TARPON SPRINGS — When Sue Thomas died unexpectedly at the age of 77 on July 28 following a brief illness, the news sent shockwaves throughout the community.
Thomas, a former president of the Tarpon Springs Chamber of Commerce and the local Rotary Club, was well known in town for her love of photography, nature, and the arts. She was always taking photos at city events, often turning her candid snapshots into personalized calendars for her closest friends.
After she died, her longtime husband, Ron, detailed his wife’s final wishes, which included not having a public memorial service. “Per Sue’s wishes, there will be no services,” Thomas posted on Facebook on July 31. “She donated her body to the Florida University system for research purposes. She is being taken to UCF this weekend.”
With Sue’s friends and acquaintances searching for a way to publicly recognize the woman who touched so many lives and had such a big impact in the community, Tarpon Art Guild director Heather Risley, a longtime friend and collaborator, stepped in and organized “The Back Wall Exhibit, Photos by Sue Thomas,” a collection of 21 photos that will begin with a kickoff reception Saturday, Sept. 11, from 5-7 p.m. at the TAG Gallery at 161 E. Tarpon Ave. “Sue and I were friends for a long time,” Risley said by phone two weeks before the event. “Our friendship started about a decade ago when she was president of the chamber, and I was president of the Tarpon Springs Art Association and it continued through the years. … She was always present and always photographed everything we did. So, the news of her passing was a shock. It was like, what can we do to honor her?”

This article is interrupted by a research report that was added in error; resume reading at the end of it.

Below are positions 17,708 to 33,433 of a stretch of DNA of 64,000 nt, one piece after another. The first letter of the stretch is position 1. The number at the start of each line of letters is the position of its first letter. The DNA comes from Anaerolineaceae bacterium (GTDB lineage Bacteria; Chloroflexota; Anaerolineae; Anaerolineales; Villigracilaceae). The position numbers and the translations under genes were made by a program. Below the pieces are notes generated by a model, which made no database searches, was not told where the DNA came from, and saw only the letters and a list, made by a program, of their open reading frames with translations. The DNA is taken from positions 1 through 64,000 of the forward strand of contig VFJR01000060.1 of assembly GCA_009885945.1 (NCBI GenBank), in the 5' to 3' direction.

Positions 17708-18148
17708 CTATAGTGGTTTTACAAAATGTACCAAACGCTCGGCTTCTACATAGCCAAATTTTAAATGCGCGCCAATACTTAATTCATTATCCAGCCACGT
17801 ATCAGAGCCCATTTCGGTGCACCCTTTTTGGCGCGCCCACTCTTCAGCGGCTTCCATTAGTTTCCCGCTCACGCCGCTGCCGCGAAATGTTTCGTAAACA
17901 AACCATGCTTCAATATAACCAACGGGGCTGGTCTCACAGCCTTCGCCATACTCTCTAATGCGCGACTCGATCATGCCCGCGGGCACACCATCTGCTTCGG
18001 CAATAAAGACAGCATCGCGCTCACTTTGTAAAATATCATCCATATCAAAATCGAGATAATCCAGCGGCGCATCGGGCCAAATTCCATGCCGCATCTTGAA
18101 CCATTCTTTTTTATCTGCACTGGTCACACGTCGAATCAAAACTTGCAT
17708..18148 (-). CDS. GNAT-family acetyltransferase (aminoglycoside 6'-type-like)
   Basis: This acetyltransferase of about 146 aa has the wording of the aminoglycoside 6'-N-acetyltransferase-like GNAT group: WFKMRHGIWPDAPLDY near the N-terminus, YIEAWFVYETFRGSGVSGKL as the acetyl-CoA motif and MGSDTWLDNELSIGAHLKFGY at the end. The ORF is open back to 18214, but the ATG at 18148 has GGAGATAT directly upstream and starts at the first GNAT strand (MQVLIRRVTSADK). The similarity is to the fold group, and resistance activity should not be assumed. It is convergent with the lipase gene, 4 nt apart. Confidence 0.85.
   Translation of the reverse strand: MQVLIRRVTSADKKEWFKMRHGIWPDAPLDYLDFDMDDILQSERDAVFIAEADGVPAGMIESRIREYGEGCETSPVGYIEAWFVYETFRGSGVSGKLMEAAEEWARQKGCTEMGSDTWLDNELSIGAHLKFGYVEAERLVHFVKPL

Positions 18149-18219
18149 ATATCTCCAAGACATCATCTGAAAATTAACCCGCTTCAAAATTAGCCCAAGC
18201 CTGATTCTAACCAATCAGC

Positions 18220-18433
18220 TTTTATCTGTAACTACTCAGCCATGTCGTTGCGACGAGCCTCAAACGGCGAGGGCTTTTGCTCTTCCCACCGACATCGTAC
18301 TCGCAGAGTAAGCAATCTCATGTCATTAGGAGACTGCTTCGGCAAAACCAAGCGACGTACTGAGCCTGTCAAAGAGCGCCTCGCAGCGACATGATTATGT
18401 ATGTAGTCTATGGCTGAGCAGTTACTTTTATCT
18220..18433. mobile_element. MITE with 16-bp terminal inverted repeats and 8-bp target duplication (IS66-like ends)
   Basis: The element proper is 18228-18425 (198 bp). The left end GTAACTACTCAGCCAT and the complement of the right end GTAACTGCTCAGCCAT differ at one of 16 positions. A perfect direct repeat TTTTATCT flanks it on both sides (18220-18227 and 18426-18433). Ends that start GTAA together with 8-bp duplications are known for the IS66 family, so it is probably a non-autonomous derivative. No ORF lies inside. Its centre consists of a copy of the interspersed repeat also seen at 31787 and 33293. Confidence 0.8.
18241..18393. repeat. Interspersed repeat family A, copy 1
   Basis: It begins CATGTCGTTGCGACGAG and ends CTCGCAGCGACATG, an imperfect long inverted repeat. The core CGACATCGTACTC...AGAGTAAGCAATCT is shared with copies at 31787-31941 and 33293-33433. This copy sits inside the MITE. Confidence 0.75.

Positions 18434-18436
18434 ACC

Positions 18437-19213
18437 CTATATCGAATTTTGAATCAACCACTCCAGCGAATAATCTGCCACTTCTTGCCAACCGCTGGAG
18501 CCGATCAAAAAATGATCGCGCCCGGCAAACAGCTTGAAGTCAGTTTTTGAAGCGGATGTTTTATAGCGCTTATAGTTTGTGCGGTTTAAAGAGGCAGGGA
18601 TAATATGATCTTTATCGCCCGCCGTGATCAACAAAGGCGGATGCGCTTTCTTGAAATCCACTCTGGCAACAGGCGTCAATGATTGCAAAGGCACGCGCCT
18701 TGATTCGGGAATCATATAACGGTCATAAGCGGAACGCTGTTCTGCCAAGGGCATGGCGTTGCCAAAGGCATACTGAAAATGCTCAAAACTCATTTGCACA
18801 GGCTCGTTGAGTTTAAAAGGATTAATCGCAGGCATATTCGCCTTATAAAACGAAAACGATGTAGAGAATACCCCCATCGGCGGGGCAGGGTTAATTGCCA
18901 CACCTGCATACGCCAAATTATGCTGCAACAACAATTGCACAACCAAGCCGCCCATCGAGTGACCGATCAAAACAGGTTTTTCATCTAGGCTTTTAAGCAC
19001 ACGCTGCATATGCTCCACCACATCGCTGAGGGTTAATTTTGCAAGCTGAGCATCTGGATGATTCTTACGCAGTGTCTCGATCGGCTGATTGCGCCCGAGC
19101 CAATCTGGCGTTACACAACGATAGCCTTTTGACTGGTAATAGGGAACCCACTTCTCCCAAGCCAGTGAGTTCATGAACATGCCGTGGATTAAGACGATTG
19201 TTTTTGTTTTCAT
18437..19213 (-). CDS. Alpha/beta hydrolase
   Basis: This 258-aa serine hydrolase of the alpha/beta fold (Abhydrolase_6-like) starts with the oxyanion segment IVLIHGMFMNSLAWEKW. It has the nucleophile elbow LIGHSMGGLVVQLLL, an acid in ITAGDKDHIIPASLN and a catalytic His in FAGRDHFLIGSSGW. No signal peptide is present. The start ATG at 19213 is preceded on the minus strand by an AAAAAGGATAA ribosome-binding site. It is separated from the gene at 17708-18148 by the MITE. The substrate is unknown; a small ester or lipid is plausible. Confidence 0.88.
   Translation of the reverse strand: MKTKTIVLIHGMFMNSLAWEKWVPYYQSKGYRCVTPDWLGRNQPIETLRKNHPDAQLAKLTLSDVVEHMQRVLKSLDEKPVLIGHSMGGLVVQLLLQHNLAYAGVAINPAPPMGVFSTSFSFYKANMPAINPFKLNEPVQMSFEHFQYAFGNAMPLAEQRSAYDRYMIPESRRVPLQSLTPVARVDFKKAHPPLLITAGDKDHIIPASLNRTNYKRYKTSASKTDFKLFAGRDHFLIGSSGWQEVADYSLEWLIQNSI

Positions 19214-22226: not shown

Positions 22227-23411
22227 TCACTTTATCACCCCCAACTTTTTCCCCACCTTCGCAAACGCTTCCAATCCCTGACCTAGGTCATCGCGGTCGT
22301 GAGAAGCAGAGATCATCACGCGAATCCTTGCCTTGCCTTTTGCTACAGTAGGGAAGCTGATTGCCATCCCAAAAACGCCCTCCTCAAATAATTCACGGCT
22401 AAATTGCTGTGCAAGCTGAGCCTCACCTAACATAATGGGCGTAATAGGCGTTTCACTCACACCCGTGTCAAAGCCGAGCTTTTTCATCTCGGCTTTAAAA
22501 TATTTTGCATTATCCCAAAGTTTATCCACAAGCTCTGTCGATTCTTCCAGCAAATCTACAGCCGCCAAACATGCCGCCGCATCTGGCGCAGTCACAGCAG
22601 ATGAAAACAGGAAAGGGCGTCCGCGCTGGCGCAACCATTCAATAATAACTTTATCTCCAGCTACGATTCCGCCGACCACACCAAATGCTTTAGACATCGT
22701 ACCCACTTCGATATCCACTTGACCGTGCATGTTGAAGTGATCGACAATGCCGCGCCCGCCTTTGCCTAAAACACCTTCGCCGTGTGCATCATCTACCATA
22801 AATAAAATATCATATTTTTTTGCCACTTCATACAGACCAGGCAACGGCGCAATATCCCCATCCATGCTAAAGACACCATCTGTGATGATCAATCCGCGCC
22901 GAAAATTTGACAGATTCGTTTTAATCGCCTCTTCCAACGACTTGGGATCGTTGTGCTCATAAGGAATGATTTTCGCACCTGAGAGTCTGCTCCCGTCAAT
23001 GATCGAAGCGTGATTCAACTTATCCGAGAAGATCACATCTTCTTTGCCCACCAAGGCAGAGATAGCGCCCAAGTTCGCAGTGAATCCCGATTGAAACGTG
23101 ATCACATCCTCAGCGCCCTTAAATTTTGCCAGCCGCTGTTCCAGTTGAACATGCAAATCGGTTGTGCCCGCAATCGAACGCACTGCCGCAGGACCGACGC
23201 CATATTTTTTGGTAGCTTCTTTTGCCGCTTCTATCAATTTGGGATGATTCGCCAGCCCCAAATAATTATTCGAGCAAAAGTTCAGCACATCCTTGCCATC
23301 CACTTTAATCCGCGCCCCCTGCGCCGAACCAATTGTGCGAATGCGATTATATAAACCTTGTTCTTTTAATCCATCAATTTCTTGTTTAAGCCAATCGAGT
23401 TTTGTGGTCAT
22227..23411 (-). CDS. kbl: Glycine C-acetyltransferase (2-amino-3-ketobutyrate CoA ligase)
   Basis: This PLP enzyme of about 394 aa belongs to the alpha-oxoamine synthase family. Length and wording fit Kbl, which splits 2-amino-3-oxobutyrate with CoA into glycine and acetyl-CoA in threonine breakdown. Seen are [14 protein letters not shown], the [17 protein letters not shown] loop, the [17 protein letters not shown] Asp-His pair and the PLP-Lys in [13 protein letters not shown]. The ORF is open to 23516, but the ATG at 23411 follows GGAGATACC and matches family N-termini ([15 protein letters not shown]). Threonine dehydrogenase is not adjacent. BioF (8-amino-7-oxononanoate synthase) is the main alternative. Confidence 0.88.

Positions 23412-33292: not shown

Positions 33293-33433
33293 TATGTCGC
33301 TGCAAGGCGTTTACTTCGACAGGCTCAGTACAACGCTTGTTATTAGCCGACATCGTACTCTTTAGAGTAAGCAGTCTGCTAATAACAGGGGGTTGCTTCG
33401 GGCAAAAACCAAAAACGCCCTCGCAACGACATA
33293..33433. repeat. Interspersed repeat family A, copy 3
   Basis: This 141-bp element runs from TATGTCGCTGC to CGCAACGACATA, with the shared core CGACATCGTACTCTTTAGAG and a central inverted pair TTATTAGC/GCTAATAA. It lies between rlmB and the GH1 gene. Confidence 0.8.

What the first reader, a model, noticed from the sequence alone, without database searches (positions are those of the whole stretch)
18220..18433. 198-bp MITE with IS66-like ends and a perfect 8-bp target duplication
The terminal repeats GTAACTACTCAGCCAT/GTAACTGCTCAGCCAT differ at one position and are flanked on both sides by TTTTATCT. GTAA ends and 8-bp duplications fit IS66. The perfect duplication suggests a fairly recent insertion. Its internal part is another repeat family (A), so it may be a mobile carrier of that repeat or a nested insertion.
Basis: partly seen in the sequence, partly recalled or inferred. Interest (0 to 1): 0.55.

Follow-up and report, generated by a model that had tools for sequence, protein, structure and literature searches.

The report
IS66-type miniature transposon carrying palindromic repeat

The idea for the photo exhibit came together quickly, Risley said, and Ron Thomas and Sue’s sister, Gaye Sawicki, “were very gracious about bringing us photos,” and many others chipped in, including current chamber president and CEO, Jean Hungiville, and fellow local photographer and Thomas’ friend, Lisa Sibley. Sibley, who is organizing a slideshow retrospective of Sue’s life, which was filled with travel, adventure, and an omnipresent smile, said via text “the best way a fellow photographer can honor another is through images. Sue literally lived around the globe. The slideshow, chronicling her life and smile in pictures from childhood through her amazing adult life, is a fitting remembrance to a remarkable woman who touched so many lives.”
According to Risley, the exhibit, which will run through the month of September, and specifically the reception, isn’t meant to be a somber remembrance but a joyful celebration of Thomas’ joyous life.
“It’s a chance for us to be able to get together and a way to support each other,” Risley said. “When we got this news (of Sue’s passing) it was so difficult, this is one way we could celebrate Sue and her love of nature and her love of people. Sue would never go to funerals, but this is more of a celebration and a joyous occasion. We just hope it’s a very positive way for her friends to get together and remember her.”